Hipsters, Fads, and Fixed Gear Bikes

Is it safe to say that we all know what (or who) a hipster is? You've seem them, without a doubt, especially if you live in a big city like New York, Los Angeles, or San Francisco. Hipsters are basically people who latch on to the latest fad, yet act as if they are too cool for the mainstream. They are on the outside, but too cool to look in. Posers. Scenesters. PBR.  Tight vintage-style jeans.  A Hoodie.  Vans.  A smoke.  You get the drift.

Los Angeles Hipster?
Los Angeles Hipster?

Hipsters in Los Angeles

Los Angeles is a hipster haven, especially in the neighborhoods around where I live: Echo Park, Silverlake, and Los Feliz. Don't get me wrong, I love it here, which is saying a lot after seven years in San Francisco, the antithesis of LA in a few key ways. I don't mind hipsters really. They add to the diversity of what are truly eclectic and hence quite fun, vibrant, and desirable neighborhoods. You can see them in coffee shops like intelligentsia over at Sunset Junction, but more and more these days, you see them riding a special kind of bike known as a fixed gear bike, or a track bike, or a fixie.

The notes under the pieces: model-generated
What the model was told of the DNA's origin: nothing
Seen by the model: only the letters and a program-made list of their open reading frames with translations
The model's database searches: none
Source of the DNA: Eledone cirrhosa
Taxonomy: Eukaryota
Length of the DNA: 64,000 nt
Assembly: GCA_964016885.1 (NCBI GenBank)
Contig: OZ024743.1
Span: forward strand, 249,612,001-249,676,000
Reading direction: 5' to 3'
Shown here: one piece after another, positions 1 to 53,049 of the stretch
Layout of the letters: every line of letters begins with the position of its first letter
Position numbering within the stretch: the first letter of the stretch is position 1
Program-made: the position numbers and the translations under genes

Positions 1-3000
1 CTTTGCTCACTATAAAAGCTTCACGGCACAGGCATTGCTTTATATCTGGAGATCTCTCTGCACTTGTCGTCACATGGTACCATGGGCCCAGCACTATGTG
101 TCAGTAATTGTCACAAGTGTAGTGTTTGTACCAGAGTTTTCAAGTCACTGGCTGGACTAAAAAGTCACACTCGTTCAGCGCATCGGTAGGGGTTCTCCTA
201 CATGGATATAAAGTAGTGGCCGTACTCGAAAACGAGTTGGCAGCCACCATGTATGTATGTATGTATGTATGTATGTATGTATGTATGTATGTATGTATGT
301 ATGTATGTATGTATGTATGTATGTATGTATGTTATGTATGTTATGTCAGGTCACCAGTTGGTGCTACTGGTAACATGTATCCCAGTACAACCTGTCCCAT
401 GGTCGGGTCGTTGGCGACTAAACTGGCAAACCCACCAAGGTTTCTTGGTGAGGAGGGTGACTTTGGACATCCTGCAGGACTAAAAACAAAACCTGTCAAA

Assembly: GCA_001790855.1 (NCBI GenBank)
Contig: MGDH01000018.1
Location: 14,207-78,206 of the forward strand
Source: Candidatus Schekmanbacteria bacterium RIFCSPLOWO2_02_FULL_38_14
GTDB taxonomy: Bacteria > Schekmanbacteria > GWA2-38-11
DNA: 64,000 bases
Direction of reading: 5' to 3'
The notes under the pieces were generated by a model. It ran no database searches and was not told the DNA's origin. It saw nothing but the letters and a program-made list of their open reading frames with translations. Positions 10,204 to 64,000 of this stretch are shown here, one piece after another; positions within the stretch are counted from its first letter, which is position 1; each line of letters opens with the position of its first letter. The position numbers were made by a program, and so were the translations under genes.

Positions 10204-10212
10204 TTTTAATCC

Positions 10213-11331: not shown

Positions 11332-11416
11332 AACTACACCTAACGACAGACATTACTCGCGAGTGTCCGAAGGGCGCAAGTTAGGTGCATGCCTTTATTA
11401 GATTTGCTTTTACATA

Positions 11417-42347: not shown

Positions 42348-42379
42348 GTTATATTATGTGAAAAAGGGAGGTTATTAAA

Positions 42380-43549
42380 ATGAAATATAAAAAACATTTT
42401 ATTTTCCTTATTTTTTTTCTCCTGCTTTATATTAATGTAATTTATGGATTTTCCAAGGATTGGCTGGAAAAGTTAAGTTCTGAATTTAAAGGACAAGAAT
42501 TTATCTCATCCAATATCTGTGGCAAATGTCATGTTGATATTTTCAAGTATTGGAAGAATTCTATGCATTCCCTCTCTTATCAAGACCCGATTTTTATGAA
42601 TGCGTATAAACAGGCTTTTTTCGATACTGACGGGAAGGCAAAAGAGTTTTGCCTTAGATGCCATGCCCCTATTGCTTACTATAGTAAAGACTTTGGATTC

I am all for people riding bikes as opposed to driving or even walking or riding the bus, but are these people riding bikes for any reason other than to look cool as part of the day's most 'rad' subculture? And if they are just doing it to be part of a scene, I guess I really don't care much. I am just writing about it because it interests me. I see it. I live it. And if I can save a hipster from getting run over by a car, I am all for it.

The Los Angeles Hipster and The Fixed Gear Bike